“Oatmeal increases your good cholesterol,” Fiscella said. “And berries have fiber and antioxidants, which eliminates all molecules in your body that could cause cancer.”

She also points out that, instant oatmeal is better than no oatmeal, however it’s processed. So, she recommends eating natural oatmeal. “It’s more beneficial,” she continues.

“Broccoli, greens, sauerkraut, and cabbage feed the good bacteria in your digestive system. It you don’t, the bad bacteria will take over and compel you to crave junk food. Soft drinks like soda feeds the bad bacteria. If you’re thirsty, you should drink water. Plus, fiber fills you up. And if you are full, you eat less. Therefore, many in the medical field has determine fiber as the easiest diet swing, because it is inexpensive.”

For a further in-depth analysis on the longevity of human life through a healthy diet, SWT proposed some questions to Dr. Fiscella about the life expectancy of humans.

SWT: What is the best diet that compliments the digestive make-up of the human body?

Dr. Fiscella: I think a balance diet is the best one. A diet rich in fruits and vegetables and minimizes the amount of animal protein we put in our bodies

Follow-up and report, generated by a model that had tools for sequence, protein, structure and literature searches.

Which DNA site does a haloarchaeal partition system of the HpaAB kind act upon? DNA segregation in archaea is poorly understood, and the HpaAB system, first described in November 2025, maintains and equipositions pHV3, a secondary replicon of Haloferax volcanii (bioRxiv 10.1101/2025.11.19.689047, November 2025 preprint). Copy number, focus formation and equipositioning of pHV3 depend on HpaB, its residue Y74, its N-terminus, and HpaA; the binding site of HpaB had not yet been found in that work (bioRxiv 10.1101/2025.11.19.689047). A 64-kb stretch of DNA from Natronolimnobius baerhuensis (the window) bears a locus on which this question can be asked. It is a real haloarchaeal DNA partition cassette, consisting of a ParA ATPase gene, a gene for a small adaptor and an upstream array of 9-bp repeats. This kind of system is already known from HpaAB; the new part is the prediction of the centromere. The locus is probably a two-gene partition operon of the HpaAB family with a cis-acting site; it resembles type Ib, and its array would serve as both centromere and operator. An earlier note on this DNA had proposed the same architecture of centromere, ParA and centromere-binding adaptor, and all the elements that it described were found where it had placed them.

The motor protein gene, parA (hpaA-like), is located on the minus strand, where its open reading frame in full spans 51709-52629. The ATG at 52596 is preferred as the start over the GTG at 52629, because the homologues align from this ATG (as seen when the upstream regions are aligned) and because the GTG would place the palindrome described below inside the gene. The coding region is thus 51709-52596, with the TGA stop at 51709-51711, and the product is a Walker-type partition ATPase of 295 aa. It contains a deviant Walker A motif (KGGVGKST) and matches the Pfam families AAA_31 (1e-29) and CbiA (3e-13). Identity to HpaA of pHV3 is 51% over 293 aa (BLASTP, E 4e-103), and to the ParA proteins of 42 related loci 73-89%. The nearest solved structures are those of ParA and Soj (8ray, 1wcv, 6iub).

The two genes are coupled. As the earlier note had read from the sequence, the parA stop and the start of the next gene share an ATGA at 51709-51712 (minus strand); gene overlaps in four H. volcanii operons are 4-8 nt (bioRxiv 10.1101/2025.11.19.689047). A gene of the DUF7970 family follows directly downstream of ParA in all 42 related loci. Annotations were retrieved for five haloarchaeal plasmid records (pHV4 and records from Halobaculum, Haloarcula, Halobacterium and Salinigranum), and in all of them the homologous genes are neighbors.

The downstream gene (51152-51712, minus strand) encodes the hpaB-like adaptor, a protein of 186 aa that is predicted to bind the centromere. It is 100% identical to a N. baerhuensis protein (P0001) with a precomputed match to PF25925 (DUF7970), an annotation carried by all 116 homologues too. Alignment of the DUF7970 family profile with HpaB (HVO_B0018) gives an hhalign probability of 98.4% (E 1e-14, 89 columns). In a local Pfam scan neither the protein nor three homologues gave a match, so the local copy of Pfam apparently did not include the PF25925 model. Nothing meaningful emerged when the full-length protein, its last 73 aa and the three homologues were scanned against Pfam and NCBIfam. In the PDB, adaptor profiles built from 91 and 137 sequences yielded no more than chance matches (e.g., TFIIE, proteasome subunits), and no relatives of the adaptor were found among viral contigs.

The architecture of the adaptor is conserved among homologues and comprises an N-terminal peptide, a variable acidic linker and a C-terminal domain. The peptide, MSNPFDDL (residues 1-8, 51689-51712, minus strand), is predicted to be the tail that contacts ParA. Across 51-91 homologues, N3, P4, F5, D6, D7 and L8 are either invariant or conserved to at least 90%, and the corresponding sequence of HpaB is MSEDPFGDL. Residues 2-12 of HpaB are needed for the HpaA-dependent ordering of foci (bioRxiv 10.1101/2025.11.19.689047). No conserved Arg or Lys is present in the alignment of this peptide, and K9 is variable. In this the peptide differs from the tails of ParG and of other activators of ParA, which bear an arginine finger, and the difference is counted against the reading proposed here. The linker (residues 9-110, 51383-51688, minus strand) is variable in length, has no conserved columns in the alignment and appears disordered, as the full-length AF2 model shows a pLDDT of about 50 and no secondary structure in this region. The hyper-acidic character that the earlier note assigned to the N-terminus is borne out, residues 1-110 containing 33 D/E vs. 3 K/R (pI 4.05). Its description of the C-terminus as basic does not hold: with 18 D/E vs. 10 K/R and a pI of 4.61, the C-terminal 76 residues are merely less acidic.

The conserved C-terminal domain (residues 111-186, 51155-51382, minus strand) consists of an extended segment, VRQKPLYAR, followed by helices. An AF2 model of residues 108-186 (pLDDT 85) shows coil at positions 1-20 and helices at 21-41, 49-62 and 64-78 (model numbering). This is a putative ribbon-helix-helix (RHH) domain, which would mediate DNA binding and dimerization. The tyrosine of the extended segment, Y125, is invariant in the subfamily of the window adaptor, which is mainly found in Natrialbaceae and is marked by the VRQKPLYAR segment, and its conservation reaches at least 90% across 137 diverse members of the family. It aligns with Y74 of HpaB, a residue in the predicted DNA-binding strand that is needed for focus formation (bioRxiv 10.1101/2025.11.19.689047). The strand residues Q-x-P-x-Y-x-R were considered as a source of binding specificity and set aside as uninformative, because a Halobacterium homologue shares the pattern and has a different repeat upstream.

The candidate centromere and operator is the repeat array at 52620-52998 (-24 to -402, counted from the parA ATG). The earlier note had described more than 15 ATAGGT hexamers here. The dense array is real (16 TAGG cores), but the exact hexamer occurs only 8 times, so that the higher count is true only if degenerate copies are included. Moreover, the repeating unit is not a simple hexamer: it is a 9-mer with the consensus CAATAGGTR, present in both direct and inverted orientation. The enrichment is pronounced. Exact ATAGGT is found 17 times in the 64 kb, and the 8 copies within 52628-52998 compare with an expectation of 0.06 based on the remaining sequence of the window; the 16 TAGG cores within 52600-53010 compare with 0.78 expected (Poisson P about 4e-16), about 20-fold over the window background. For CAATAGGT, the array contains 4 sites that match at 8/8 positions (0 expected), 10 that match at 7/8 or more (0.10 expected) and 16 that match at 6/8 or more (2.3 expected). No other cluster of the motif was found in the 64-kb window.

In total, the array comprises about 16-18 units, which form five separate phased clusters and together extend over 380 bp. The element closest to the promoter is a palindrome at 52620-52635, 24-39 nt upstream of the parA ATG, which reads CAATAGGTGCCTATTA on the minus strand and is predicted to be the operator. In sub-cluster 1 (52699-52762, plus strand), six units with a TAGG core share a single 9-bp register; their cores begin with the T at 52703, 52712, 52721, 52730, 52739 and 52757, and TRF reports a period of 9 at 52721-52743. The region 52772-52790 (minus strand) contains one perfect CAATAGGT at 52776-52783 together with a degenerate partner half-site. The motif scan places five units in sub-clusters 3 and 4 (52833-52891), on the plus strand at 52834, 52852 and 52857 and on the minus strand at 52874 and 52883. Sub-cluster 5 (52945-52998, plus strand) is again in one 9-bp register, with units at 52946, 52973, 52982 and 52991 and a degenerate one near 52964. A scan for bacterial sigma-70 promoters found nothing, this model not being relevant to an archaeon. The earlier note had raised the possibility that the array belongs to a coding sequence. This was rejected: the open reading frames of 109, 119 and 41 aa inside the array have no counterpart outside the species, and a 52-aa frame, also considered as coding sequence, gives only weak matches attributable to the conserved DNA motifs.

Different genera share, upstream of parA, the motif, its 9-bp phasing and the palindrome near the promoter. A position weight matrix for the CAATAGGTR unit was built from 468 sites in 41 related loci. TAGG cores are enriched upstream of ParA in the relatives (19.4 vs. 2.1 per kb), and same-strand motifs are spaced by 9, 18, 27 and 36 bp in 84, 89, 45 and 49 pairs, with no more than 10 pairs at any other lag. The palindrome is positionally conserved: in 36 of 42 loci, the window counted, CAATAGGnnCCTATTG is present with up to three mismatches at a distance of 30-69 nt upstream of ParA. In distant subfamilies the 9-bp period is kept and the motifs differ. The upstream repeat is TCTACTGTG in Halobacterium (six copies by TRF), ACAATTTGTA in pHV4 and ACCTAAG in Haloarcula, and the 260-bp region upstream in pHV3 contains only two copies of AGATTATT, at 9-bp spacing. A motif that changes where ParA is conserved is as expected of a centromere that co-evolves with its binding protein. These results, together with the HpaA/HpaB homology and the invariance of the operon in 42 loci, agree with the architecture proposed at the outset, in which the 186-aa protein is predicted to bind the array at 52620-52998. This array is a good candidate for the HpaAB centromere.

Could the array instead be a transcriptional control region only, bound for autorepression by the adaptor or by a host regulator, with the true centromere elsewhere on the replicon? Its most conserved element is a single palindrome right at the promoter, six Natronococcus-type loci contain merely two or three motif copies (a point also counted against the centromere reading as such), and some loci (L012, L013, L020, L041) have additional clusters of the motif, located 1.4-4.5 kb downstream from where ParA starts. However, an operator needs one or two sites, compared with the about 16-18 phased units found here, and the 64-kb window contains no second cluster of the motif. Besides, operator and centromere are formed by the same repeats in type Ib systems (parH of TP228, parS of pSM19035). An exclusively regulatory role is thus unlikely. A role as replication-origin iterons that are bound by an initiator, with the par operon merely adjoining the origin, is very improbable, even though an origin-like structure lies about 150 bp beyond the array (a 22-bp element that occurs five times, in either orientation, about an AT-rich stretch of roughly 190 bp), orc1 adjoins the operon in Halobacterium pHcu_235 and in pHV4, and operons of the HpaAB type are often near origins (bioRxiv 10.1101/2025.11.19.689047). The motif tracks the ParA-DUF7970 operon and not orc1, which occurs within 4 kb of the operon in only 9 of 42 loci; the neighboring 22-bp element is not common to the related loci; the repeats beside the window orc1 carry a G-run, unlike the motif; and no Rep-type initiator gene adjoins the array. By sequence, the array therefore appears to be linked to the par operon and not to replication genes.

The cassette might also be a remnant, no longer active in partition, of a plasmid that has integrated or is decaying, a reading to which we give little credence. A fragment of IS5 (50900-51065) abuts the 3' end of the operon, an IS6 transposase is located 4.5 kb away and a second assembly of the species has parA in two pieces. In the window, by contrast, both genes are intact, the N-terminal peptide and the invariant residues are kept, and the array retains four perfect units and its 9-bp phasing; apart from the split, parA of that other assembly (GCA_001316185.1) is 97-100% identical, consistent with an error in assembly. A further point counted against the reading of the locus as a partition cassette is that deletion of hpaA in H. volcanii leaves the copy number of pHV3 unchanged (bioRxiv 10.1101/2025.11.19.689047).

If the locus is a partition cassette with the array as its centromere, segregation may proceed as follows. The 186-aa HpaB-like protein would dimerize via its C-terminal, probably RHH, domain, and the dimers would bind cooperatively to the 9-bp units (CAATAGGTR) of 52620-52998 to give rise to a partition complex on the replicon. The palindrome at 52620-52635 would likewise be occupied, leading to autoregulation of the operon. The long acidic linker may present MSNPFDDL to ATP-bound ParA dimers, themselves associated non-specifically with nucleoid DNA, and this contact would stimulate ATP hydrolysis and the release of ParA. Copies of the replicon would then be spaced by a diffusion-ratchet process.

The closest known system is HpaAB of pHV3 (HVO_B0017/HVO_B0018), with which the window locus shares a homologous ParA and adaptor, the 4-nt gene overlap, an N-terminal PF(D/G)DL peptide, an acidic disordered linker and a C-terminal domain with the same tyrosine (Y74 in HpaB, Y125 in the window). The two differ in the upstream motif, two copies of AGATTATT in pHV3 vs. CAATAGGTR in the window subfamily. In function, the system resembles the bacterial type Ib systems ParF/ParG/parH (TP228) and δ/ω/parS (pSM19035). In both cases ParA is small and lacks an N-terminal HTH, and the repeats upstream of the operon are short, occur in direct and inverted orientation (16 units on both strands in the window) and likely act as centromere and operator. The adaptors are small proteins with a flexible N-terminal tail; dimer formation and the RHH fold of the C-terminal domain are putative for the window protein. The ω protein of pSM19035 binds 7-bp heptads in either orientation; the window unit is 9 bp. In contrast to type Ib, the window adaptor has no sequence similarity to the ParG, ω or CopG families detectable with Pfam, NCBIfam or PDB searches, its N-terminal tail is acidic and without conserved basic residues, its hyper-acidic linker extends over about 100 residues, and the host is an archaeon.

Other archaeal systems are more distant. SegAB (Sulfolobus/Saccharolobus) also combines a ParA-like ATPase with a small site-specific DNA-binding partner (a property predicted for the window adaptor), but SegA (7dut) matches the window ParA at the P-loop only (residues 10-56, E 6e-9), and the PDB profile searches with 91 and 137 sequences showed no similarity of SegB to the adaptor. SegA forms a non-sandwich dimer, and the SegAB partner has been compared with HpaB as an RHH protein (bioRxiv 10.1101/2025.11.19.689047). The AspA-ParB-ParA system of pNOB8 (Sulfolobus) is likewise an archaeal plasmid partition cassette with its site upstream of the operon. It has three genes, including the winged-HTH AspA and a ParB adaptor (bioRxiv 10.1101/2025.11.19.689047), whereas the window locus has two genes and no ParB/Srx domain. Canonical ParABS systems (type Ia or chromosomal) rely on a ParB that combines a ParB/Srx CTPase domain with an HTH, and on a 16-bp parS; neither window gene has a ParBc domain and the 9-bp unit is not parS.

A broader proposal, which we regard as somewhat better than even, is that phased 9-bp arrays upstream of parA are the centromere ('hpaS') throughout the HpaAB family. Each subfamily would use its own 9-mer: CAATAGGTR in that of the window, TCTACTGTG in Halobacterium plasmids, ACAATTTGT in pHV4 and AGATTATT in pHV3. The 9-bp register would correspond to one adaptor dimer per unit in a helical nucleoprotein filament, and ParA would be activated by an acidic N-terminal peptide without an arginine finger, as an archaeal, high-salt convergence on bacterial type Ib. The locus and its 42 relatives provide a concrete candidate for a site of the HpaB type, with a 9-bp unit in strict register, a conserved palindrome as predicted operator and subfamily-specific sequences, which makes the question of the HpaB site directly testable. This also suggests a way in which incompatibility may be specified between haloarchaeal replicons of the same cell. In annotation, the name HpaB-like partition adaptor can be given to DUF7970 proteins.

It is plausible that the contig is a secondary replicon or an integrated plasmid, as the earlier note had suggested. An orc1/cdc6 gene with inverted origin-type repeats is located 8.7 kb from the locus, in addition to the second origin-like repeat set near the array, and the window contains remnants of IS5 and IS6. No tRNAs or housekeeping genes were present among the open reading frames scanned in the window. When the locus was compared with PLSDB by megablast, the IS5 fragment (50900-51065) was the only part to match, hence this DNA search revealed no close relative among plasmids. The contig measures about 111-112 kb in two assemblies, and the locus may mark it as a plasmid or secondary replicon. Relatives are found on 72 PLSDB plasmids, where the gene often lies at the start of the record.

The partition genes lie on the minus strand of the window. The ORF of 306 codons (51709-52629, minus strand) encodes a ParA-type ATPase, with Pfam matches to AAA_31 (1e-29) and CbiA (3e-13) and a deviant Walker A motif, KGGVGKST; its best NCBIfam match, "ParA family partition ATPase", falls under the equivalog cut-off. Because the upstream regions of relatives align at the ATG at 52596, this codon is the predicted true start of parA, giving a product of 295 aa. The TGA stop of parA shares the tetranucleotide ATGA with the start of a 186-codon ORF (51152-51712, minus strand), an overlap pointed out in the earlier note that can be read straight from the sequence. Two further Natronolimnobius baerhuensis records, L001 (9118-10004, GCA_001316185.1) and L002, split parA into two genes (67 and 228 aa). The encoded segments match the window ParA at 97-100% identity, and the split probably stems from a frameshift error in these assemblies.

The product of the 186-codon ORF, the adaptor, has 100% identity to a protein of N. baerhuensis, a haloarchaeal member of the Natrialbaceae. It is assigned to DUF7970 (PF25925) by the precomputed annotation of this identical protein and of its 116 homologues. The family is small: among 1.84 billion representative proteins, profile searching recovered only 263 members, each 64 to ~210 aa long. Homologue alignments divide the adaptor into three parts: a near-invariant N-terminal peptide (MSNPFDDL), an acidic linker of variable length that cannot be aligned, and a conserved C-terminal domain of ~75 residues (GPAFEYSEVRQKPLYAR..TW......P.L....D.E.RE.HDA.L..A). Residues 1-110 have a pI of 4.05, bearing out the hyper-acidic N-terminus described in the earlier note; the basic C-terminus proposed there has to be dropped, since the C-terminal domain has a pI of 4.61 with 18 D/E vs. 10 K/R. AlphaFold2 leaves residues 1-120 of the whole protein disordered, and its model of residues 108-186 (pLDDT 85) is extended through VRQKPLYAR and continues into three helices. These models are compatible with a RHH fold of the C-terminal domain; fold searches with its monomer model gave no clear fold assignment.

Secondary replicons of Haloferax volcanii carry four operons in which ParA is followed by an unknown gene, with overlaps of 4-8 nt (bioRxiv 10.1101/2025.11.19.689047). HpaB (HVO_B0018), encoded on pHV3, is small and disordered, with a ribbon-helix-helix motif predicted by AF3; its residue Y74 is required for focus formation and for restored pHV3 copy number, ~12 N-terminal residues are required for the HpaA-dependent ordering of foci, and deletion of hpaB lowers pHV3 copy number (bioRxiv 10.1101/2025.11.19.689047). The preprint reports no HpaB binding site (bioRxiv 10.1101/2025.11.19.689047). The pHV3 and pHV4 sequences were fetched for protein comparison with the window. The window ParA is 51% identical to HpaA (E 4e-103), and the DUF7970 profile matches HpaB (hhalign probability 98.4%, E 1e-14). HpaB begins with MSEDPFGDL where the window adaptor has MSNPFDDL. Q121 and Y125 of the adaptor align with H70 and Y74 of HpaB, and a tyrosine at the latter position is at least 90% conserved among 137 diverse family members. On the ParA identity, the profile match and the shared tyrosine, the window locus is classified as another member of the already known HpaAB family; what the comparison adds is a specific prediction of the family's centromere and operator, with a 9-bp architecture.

SWT: Can a high Fiber diet increase human life expectancy beyond what it is today?

Dr. Fiscella: I think life expectancy is genetically prone, but environment pays a big part also. For example, my mom has lived for 89 years, maybe that’s my genetics but I can shorten that precipitously by eating the wrong foods. I can become obese, develop hypertension, diabetes, and high cholesterol.

SWT: So, can we believe that people, who we have read about in the Bible could have lived well passed the age of 100 years old?

Dr. Fiscella: I think people in the Bible could have lived well over 100 years. The number one epidemic in America is obesity. And because of it, we have all these complications like hypertension, diabetes, high cholesterol and other issues we see right now. And it is all caused by what we eat.

SWT: How do we get around the hormones and antibodies that are supplemented into our food supplies in today’s America?

Dr. Fiscella: Fresh organic food must be available to everyone. We must find ways to decrease the price of organic foods because everyone can’t afford it. And information about-- what foods are good for your health is lacking among the general population. More people must be informed about what they are buying, because you are what you eat.

Dr. Julietta Fiscella has worked at Highland Hospital for 22 years. She is boarded in Clinical, Anatomic and Cytopathology practices that diagnose diseases from tissues, cells and from blood.

She is also a certified Physician Executive, who specializes in hospital operations, finance and physician issues.

Fiscella received her Bachelor of Science degree from St. John’s University in New York in 1984 and Doctor of Medicine degree from SUNY Buffalo in 1988. She completed her residence in Pathology at the University of Rochester in 1992.